A HISTORY OF THE COMPUTER
FIVE ERAS IN COMPUTER DEVELOPMENT. Pre-History,Electronics,Mini, Micro, Network
4th century B.C. to 1930s. The abacus is believed to have been invented in 4th century B.C. The Antikythera mechanism, a device used for registering and predicting the motion of the stars and planets, is dated to 1st century B.C. Arabic numerals were introduced in Europe in the 8th and 9th century A.D. and was used until the 17th century.
John Napier of Scotland invents logs in 1614 to allow multiplication and division to be converted to addition and subtraction. Wilhelm Schickard, a professor at the University of Tubingen, Germany builds a mechanical calculator in 1623 with a 6-digit capacity. The machine worked, but it never makes it beyond the prototype stage. Leonardo Da Vinci is now given credit for building the first mechanical calculator around 1500. Evidence of Da Vinci’s machine was not found until papers were discovered in 1967. Blaise Pascal builds a mechanical calculator in 1642 with an 8-digit capacity. Joseph-Marie Jacquard invents an automatic loom controlled by punch-cards in the early 1800s.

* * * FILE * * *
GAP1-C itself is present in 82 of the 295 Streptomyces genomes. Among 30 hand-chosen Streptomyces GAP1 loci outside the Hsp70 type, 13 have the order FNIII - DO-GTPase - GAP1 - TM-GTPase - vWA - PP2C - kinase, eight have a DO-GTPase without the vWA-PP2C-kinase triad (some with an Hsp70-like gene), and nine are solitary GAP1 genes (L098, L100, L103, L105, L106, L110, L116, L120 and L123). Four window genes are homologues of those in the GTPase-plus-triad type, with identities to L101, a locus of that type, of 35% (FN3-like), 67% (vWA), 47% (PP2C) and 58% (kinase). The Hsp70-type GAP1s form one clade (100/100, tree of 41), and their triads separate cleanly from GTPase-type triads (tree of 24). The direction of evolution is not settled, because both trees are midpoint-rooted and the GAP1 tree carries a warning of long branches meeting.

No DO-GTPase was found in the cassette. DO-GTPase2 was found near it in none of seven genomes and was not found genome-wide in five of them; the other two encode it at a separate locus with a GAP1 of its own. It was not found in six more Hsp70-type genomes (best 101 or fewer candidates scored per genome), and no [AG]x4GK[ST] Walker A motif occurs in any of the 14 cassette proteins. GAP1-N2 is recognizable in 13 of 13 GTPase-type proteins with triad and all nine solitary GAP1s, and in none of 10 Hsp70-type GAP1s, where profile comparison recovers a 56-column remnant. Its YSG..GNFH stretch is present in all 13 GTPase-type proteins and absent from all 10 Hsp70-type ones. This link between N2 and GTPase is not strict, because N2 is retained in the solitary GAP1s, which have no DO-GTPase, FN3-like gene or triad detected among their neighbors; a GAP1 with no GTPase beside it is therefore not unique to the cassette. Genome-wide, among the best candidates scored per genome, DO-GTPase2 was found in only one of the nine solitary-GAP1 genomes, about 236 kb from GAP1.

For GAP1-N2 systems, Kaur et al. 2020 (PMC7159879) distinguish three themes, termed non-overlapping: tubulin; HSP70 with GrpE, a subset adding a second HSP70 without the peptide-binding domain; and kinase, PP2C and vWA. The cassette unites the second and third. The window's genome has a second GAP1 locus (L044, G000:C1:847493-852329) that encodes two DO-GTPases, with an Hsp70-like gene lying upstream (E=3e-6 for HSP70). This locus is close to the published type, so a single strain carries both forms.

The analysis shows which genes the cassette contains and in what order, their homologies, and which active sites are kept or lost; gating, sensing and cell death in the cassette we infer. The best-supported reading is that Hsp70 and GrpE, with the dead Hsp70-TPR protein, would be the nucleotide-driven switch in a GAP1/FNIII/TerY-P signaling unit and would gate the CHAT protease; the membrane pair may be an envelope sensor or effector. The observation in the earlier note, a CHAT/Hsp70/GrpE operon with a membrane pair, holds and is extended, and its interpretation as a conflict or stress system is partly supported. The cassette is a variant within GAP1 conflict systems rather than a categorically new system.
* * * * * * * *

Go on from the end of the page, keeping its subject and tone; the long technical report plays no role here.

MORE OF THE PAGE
Charles Babbage designs a “Difference Engine” in 1820 or 1821 with a massive calculator designed to print astronomical tables. The British government cancelled the project in 1842; Babbage then conceives the “Analytical Engine”, a mechanical computer that can solve any mathematical problem and uses punch-cards.
Augusta Ada Byron, Countess of Lovelace and daughter of English poet Lord Byron, worked with Babbage and created a program for the Analytical Engine. Ada is now credited as being the 1st computer programmer.
Samuel Morse invents the Electric Telegraph in 1837.
George Boole invents Boolean Algebra in the late 1840s. Boolean Algebra was destined to remain largely unknown and unused for the better part of a century, until a young student called Claude E. Shannon recognized its relevance to electronics design.